I can’t wait to do these lessons next week with the kids in our club.
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No Time For Flash Cards
ABC and 123
We are having a great time in our Lego and Robotics Academy Club. Today’s post is about our September meeting. We currently have 18 kids and we meet once a month for a 2 hour meeting. Our goal is to further the STEM Initiative (Science, Technology, Engineering, and Mathmatics) with children in Western North Carolina. If you would like to read other stories about our club, check out the posts here.
We hope to open the group to about 30 kids before next summer, in addition to hosting community workshops and educational outreaches, and possibly work with about 60 kids on an ongoing basis when the resources allow. The workshops and educational outreaches would work with up to 300 kids for an afternoon, or a week of afternoons, a few times a year. We want to create a First Lego League Team and be a host site for competitions too. This is a big goal and we need a lot of donations for resources to make it happen.
This is such a great group of kids. It would be even better to meet with these kids every week, rather than just once a month, and have an even greater impact on their learning when we get more resources in place. But I am enjoying the monthly meetings too. Families have a lot of demands on them, and meeting once a month at this time seems to fit the best in their schedules.
We have met several times in the park under the picnic shelter, but recently secured a building we will be meeting in soon.
Today the kids elected officers for the club, and we set up some committees. Then we had a program using some robots and a show and tell time with Legos.
Our club is in need of Legos Education Products. It will take about $12,000 to get us in a full swing educational program. Each of the categories listed here provide materials and curriculum for 24 students. We would have several of our kids share the resources so that hopefully we can meet the academic learning needs of 60 kids on a regular basis.
Our current wish list includes several kits so that there is enough to go around. Ideally, if we can raise the funds to buy what we need, groups of 2-6 kids would share a kit. Here is our 2011 goals & funding needs:
1) Start with the Lego Education We Do Robotics $3,706.95
2) We need a few of the Intell Convertable PC $599.00
2) Then progress to the Legos Mindstorms Education Robotics Engineering II $5,888.95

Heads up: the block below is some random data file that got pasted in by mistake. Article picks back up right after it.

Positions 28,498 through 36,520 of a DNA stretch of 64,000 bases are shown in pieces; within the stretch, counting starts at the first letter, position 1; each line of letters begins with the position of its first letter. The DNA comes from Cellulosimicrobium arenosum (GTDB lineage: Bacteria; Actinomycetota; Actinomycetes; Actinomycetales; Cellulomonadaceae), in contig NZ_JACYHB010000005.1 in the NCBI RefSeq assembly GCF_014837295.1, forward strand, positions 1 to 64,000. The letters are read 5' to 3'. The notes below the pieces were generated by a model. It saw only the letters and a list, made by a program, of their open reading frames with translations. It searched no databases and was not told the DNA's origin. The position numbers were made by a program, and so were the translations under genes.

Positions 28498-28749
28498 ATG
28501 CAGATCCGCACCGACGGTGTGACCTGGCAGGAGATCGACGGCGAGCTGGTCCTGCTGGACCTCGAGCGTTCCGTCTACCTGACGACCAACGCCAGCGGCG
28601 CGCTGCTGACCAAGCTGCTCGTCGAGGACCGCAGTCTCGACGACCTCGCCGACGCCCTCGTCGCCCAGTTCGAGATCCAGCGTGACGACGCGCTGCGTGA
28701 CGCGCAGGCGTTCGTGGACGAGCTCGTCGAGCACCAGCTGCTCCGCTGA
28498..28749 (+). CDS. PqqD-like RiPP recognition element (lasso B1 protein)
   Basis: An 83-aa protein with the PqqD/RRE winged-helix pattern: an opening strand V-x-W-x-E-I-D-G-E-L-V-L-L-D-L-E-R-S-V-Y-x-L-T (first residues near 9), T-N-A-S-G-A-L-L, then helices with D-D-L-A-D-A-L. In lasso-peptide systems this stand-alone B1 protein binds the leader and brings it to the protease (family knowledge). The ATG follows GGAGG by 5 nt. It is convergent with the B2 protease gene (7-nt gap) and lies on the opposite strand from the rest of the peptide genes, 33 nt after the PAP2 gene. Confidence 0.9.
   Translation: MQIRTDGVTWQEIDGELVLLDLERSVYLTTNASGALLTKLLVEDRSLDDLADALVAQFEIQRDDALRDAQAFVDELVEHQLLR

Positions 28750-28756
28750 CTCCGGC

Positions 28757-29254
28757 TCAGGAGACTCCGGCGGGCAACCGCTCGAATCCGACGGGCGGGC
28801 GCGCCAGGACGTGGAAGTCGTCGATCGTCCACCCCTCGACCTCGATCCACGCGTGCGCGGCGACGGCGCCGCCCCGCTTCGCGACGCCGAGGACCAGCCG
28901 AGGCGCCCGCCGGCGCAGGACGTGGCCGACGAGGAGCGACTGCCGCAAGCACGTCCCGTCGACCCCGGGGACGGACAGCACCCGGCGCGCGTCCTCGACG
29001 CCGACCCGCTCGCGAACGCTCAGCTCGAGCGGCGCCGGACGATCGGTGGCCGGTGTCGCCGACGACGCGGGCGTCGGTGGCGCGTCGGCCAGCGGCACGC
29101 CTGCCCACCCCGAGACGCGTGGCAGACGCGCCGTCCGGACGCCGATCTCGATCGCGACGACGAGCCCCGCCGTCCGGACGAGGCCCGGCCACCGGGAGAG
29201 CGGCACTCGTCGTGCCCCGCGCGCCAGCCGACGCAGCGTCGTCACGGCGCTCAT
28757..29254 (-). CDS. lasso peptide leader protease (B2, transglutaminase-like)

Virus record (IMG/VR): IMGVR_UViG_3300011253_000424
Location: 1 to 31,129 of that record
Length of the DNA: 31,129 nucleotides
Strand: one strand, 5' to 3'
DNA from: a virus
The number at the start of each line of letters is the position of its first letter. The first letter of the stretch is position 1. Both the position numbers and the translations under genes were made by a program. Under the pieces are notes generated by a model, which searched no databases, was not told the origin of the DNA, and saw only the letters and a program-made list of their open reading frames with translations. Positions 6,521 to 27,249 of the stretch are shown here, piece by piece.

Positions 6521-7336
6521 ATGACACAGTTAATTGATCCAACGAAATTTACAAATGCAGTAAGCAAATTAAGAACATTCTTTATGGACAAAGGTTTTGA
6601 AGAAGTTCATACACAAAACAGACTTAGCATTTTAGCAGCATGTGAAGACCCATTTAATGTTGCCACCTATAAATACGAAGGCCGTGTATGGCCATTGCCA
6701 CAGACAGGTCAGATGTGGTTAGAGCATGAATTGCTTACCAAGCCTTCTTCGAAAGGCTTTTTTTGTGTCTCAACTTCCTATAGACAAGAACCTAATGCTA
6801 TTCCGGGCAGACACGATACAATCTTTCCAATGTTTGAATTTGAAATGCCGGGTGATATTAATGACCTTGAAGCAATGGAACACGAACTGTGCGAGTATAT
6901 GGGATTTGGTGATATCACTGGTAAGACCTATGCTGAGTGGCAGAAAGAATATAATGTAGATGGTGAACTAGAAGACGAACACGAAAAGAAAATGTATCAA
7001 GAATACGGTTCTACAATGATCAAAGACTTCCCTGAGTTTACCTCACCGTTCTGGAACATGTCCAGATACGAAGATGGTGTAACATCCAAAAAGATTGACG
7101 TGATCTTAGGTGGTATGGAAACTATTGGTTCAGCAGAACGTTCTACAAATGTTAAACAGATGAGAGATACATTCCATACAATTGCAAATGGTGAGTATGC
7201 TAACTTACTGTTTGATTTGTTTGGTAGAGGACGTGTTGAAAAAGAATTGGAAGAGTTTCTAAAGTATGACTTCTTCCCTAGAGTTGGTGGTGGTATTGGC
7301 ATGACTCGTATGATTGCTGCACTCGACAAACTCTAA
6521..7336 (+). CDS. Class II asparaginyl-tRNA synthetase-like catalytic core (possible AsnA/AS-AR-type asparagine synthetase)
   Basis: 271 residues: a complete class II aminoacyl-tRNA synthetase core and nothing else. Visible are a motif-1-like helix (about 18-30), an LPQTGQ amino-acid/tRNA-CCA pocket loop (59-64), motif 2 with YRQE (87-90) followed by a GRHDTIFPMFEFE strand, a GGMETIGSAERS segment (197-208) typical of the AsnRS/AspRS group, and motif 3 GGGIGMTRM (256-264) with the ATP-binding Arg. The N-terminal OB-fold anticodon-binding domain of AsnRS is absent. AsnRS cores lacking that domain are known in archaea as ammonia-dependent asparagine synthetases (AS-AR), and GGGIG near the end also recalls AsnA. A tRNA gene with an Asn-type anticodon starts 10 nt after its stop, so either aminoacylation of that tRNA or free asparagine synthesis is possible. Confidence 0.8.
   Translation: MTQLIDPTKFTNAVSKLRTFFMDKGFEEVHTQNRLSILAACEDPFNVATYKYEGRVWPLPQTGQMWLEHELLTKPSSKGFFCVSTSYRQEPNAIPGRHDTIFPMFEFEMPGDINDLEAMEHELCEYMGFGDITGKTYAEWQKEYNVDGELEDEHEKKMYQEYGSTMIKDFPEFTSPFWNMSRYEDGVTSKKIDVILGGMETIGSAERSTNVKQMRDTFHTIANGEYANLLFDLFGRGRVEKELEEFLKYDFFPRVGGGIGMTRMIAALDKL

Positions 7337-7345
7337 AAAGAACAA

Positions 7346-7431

3) We would like to do the Renewable Energy Add On Pack $1,215.95
4)Green City Challenge $3,868.95
If you would like to make a donation to our club, we can provide you with tax deductable information to do so. Please send me a message through the comment area below.
Until we can raise funds, we are using products that each family owns. Each family purchased a Lego MBA Level 1 and 2 kits for their kids to work on (LegoMBA is a total of 6 kits). Each kit teaches concepts in engineering and design with 3 models, and the kids build 2 challenge projects for a total of 5 projects per kit. Each kit has a diploma that can be earned by accomplishing a learning “to do list”. The program is a 10 month long learning program that covers 30 models total and is a good academic investment for $99. Each of these families bought their own Lego MBA kits for their children until we can raise funds for our club.
Many of the kids also have some lego kits they have acquired over the years and are using them to build challenge models and show and tell models. Families are also bringing in robots or other items to demonstrate for the club meetings until we can buy items for the club. We do hope to have enough funds by January to start with a $160 investment in a basic junk drawer robotics curriculum through 4H for the winter that has lots of building with recyclables and craft supplies, a scribbler 2 robot $150. Then, later as we can raise funding, progressing into building and programming when funds alow to buy the Lego Education Products programs mentioned above.
One family in our club owns a Lego Homeschool Robot kit and my family has a couple of Robots the children received a few years ago for Christmas. We brought these today to share with the club.
One of the first robots we talked about was the Doodle Robot. It comes as a kit with several parts, and the child builds it. The Doodle Robot makes beautiful art drawings using three colors of markers and it dances in circles as it vibrates on a surface.
The next robot we explored was the WowWee Tribot Robot. It has lots of person like features. It interacts, asks questions, says jokes, dances, plays question and answer games, and explores the environment. It moves in all directions on three wheels.
The next robot we explored was the WowWee Roborover Robot.
It also explores the environment, plays games, tells jokes, and it moves on tracks.
With its tracks and sturdy build, this robot was ideally suited for roaming the picnic shelter.
Several kids took turns operating the Wowwee Robots.
The last robot to be demonstrated by one of the families today was the Lego We Do homeschool kit version. This was my favorite demonstration as it really showed the kids how they can build with a Lego kit, connect it to some electronics, and program it with computer software and then it does a specific task. This is what we long for, to have the resources to set up our club room with these kinds of learning tools.
In this demonstration, a robotic arm was programmed with the computer and moves a lego figure to block a soccer